After Bev Hollis got divorced four years ago, she made an unpleasant discovery: She didn't have enough money to cover her retirement.
Because her ex got the bulk of their investable assets, Hollis, 54, a veterinarian and pet photographer, found it hard to get the attention of the financial-planning firm the couple had used when they were married.
That company made its money through fees and commissions, and Hollis' account wasn't large enough to generate much income for the adviser.
"I felt like a smaller and smaller fish," recalls Hollis, who lives in Frederick, Md. "I needed someone to help me understand what was doable and what wasn't."
Hollis found that service at LearnVest, one of a new breed of digital financial firms that rely heavily on sophisticated technology — namely powerful computers and algorithms — to assess clients' financial situations and recommend investments. The idea is to let computers do what computers do best: analyze vast amounts of information and offer advice based on logic, rather than turn to brokers who may be trying to sell a particular product.
"An algorithm is reliable," says Jon Stein, founder and chief executive of one of these sites, Betterment. "It doesn't wake up on the wrong side of the bed, it doesn't have conflicts of interest, and it doesn't react to current events."
For a lot of people, good guidance doesn't have to come with a high price tag, says Michael Kitces, a partner at Pinnacle Advisory Group in Columbia, Md. Sites that simply review a portfolio, monitor it and make suggestions typically charge a flat fee depending on the amount invested, usually around just $20 a month. Those that go a step further and manage money, such as Betterment or Wealthfront, assess a charge of about 0.25 percent of the amount the client has invested with them. They generally provide a narrower range of services than comprehensive financial planners, though the pricing compares very favorably with what many advisers charge, which is typically $150 or more per hour or a fee equaling 1 percent of investments.
"Many of the new online financial tools represent a tremendous leap from what's been available for the past decade," says Kitces, who has studied online experts and blogs about their potential to change the shape of financial advice. Bob Veres, publisher of the San Diego–based Inside Information newsletter and website for financial advisers, sees the sites as a threat to those who aren't adding much value. Still, he doesn't think "robo-advisers" can replace the knowledge and personalized care a living, breathing financial planner provides.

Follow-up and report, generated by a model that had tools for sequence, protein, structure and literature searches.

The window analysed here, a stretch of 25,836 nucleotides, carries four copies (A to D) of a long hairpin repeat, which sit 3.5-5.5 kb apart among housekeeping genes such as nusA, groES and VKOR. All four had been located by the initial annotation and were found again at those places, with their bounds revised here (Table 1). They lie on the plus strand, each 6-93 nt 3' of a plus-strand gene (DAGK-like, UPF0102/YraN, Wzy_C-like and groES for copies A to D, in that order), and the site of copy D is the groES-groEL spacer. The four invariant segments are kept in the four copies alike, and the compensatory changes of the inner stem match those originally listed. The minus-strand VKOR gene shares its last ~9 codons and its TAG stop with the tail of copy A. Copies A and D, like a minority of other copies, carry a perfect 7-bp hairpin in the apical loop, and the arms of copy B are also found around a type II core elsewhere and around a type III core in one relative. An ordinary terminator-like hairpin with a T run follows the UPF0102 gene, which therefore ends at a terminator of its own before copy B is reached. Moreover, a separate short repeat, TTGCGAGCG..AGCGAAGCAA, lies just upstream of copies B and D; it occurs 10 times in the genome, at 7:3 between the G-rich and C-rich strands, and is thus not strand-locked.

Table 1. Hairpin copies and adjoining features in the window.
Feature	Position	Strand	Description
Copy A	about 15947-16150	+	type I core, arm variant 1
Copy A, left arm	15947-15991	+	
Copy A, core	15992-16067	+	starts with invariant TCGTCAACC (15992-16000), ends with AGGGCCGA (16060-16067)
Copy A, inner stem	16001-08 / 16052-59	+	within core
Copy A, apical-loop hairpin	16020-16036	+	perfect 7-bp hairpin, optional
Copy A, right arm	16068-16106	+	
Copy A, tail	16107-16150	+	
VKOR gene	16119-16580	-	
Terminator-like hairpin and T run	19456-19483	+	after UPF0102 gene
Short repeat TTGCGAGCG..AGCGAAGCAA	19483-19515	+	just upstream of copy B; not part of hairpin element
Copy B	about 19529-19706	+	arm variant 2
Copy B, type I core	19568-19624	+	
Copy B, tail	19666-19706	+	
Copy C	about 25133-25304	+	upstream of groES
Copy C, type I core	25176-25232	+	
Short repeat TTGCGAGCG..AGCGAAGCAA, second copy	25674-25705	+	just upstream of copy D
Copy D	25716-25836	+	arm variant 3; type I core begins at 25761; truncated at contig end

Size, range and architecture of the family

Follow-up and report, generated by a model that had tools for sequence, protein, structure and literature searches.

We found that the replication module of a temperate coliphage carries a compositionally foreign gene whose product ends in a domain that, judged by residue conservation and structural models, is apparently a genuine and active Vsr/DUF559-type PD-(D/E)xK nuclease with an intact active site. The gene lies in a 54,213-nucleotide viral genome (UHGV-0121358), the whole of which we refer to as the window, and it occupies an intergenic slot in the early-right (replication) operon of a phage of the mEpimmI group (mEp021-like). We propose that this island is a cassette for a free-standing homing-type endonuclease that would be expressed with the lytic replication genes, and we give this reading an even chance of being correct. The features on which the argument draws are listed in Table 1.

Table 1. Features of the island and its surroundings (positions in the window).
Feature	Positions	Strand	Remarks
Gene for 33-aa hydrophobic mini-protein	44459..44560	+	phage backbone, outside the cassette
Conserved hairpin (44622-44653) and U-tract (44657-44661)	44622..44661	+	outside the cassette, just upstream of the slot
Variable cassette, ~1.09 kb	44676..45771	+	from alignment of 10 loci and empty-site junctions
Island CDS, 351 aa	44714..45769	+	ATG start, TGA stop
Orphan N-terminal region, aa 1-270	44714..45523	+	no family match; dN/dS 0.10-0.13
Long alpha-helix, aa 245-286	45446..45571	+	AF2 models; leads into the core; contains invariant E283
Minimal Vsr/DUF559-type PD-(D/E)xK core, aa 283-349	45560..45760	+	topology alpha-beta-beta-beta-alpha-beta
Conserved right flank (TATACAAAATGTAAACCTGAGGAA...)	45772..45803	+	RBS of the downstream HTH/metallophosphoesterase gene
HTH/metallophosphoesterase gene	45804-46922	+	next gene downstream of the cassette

"A lot of the calculation work that advisers do now can be automated," says Veres, "but the personalized advice that comes from it cannot."
There may be other drawbacks: The companies themselves are start-ups, and it's difficult to assess what their long-term performance will be. And not all start-ups survive. In fact, two digital wealth-management ventures backed by big companies — NestWise, a subsidiary of broker LPL Financial Holdings, and BloombergBlack, an investment advisory arm of the data and media giant Bloomberg LP — were shut down abruptly last year. While investors generally won't lose money managed by sites that close (because customer accounts are insured for up to $500,000 against bankruptcy and fraud), switching advisers is always disruptive.
Hollis used LearnVest to track all her financial accounts, construct a budget and connect with a certified financial planner who could answer questions about how much to save and where to invest. She filled out a detailed questionnaire and got back a 20-page plan with recommendations to increase her savings rate and keep her long-term care insurance. In follow-up phone calls, the two tackled other parts of her financial life — including her decision to sell her condo and rent for a while to free up more cash to invest. Hollis feels confident she'll be able to retire at 65 with 70 percent of her current income. "I'm in way better shape than I'd ever thought I'd be," she says.
While each company targets a slightly different audience, the sweet spot is the "mass affluent" — the 40 million or so U.S. households with assets between $100,000 and $1 million. It's a market many bigger, traditional financial-services companies are trying to reach: Vanguard Group, well known for its low-cost funds, gives free financial advice to investors with more than $500,000, and Schwab offers a financial plan to its clients for $2,000 (AARP members get a 20 percent discount). The new sites may also appeal to people with less than $100,000 to invest, since signing up is easy and often doesn't require switching accounts and big upfront costs.